ENTRIES TAGGED "Python"

5 ways developers win with PaaS

Powering your app with open source and OpenShift

Getting Started with OpenShift As a software developer, you are no doubt familiar with the process of abstracting away unnecessary detail in code — imagine if that same principle were applied to application hosting. Say hello to Platform as a Service (PaaS), which enables you to host your applications in the cloud without having to worry about the logistics, leaving you to focus on your code. This post will discuss five ways in which PaaS benefits software developers, using the open source OpenShift PaaS by Red Hat as an example.

No More Tedious Config Tasks

Most of us don’t become developers to do system administration, but when you are running your own infrastructure you end up doing exactly that. A PaaS can take that pain away by handling pesky config and important security updates for you. As a bonus, it makes your sys admin happy too by allowing you to provision your own environment for that killer new app idea you want to tinker with, rather than nagging them for root access on a new VM.

On OpenShift, it goes like this: let’s say you decide you want to test an idea for a Java app, using Tomcat and PostgreSQL (yes, we could argue about the merits of those choices, but work with me here). You can spin that up with a one-line terminal command:

That -s on the end is telling the platform to make the app auto-scaling, which I will elaborate on later; yes, that’s all it takes. RHC (Red Hat Cloud) is just a Ruby Gem wrapping calls to the OpenShift REST API. You could also use the OpenShift web console or an IDE plugin to do this, or call the API directly if that’s how you roll. The key technologies in play here are just plain old Git and SSH — there’s nothing proprietary.

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Simplifying Django

Lightweight Django by example

The following comes to you from Julia Elman and Mark Lavin. Julia is a a hybrid designer/developer who has been working her brand of web skills since 2002; and Mark is the Development Director at Caktus Consulting Group in Carrboro, NC where he builds scalable web applications with Django. Together, they are working on Lightweight Django, a book due out later this year that explores bringing Django into modern web practices.


Despite Django’s popularity and maturity, some developers believe that it is an outdated web framework made primarily for “content-heavy” applications. Since the majority of modern web applications and services tend not to be rich in their content, this reputation leaves Django seeming like a less than optimal choice as a web framework.

Let’s take a moment to look at Django from the ground up and get a better idea of where the framework stands in today’s web development practices.

Plain and Simple Django

A web framework’s primary purpose is to help to generate the core architecture for an application and reuse it on other projects. Django was built on this foundation to rapidly create web applications. At its core, Django is primarily a Web Server Gateway Interface (WSGI) application framework that provides HTTP request utilities for extracting and returning meaningful HTTP responses. It handles various services with these utilities by generating things like URL routing, cookie handling, parsing form data and file uploads.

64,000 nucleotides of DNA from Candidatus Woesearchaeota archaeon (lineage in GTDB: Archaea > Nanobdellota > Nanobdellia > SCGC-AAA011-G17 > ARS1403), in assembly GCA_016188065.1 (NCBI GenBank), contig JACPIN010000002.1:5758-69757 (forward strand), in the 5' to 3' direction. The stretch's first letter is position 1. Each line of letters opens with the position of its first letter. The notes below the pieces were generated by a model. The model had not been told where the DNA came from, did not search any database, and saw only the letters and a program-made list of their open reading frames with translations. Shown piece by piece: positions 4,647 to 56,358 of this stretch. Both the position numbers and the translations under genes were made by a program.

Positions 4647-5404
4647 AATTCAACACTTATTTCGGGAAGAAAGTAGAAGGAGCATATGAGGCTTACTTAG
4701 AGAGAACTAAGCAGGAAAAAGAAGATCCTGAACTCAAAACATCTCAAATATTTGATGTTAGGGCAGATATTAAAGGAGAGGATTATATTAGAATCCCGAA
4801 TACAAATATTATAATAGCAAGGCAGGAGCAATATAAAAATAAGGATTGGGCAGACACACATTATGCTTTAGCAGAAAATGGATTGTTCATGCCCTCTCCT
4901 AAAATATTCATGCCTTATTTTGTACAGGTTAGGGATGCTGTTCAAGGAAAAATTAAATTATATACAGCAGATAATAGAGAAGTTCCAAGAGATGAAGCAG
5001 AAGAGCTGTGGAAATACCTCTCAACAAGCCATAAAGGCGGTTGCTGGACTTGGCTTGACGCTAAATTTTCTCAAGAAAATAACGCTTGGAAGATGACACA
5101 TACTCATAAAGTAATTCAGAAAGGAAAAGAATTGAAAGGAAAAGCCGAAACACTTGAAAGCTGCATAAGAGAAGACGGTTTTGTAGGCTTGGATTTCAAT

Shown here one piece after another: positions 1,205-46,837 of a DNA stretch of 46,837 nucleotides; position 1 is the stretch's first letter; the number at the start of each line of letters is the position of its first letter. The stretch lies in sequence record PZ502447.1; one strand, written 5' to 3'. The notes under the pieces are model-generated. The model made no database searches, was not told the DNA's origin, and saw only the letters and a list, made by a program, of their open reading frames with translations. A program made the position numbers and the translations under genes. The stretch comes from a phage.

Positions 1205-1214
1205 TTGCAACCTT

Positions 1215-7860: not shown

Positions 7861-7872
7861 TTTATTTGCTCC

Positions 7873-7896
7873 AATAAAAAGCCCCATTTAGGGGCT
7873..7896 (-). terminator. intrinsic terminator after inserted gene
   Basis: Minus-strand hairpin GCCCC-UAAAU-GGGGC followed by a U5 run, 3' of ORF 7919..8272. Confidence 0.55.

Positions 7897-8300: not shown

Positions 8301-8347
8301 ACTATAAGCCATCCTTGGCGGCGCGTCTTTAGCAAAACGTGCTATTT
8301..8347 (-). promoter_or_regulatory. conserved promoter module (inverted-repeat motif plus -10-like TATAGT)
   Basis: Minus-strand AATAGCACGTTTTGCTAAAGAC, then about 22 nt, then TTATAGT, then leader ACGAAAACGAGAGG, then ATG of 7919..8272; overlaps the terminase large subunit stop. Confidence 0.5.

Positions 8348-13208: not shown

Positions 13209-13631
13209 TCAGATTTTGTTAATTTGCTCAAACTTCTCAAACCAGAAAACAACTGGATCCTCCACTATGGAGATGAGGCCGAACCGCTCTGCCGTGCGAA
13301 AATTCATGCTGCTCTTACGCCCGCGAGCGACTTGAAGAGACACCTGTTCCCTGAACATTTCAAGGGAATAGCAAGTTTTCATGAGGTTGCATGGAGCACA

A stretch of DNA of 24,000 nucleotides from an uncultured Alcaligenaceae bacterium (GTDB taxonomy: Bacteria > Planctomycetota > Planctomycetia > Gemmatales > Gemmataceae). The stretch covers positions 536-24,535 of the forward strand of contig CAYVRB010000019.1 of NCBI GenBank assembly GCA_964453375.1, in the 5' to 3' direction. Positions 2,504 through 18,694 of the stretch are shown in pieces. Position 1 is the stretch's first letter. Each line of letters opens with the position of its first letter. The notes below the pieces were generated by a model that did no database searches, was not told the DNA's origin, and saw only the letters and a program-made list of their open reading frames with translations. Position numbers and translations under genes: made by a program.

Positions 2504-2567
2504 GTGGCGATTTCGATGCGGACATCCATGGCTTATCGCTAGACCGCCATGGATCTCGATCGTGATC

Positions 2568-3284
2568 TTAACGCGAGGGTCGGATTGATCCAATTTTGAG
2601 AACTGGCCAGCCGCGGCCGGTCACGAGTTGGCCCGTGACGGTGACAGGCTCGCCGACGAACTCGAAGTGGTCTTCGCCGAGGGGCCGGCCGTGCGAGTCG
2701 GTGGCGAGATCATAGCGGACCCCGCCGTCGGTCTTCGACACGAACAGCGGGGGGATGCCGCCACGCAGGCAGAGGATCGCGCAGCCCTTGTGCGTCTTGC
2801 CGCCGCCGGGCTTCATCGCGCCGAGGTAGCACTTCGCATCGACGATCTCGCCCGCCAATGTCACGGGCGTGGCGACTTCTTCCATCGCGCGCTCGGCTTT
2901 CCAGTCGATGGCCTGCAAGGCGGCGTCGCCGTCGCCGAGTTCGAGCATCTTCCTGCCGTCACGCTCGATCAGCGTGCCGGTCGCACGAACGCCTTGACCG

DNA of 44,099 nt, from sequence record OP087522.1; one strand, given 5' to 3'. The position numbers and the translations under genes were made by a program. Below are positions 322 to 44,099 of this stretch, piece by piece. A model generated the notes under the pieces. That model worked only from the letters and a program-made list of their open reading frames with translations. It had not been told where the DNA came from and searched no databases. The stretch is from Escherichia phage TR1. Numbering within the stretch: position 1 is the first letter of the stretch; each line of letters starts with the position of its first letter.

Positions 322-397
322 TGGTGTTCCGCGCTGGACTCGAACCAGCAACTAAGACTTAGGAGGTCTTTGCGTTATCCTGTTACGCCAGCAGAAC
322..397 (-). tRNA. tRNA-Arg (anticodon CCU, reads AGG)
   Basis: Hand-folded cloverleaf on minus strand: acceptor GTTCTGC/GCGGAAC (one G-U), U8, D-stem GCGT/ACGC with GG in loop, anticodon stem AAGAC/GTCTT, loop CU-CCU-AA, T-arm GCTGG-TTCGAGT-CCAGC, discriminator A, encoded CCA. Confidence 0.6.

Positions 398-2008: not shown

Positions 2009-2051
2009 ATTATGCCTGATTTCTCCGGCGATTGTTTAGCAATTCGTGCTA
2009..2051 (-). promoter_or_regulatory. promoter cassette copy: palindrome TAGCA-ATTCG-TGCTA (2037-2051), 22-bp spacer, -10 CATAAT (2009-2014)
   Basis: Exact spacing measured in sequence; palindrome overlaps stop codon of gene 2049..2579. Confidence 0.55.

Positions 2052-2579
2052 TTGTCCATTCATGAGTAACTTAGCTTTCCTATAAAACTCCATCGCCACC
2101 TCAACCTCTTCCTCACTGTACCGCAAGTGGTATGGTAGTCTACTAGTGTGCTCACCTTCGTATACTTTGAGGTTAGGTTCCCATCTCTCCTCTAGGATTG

Also, when it comes to building those responses Django provides a dynamic template engine. Right out of the box, you are provided with a long list of filters and tags to create dynamic and extensible templates for a rich web application building experience.

By only using these specific pieces, you easily see how you can build a plain and simple micro-framework application inside a Django project.

We do know that there are some readers who may enjoy creating or adding their own utilities and libraries. We are not trying to take away from this experience, but show that using something like Django allows for fewer distractions. For example, instead of having to decide between Jinja2, Mako, Genshi, Cheetah, etc, you can simply use the existing template language while you focus on building out other parts. Fewer decisions up front make for a more enjoyable application building process.

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Code Carabiners: Essential Protection Tools
for Safe Programming

Assertions, regression tests, and version control

Programming any non-trivial piece of software feels like rock climbing up the side of a mountain. The larger and more complex the software, the higher the peak.

You can’t make it to the top in one fell swoop, so you need to take careful steps, anchor your harnesses for safety, and set up camp to rest. Each time you start coding on your project, your sole goal is to make some progress up that mountain. You might struggle a bit to get set up at first, but once you get going, progress will be fast as you get the basic cases working. That’s the fun part; you’re in flow and slinging out dozens of lines of code at a time, climbing up that mountain step by steady step. You feel energized.

However, as you keep climbing, it will get harder and harder to write each subsequent line. When you run your program on larger data sets or with real user inputs, errors arise from rare edge cases that you didn’t plan for, and soon enough, that conceptually elegant design in your head gives way to a tangled mess of patches and bug fixes. Your software starts getting brittle and collapsing under its own weight.

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Handling Data at a New Particle Accelerator

Unlocking Scientific Data with Python

dust_accelerator

Most people working on complex software systems have had That Moment, when you throw up your hands and say “If only we could start from scratch!” Generally, it’s not possible. But every now and then, the chance comes along to build a really exciting project from the ground up.

In 2011, I had the chance to participate in just such a project: the acquisition, archiving and database systems which power a brand-new hypervelocity dust accelerator at the University of Colorado.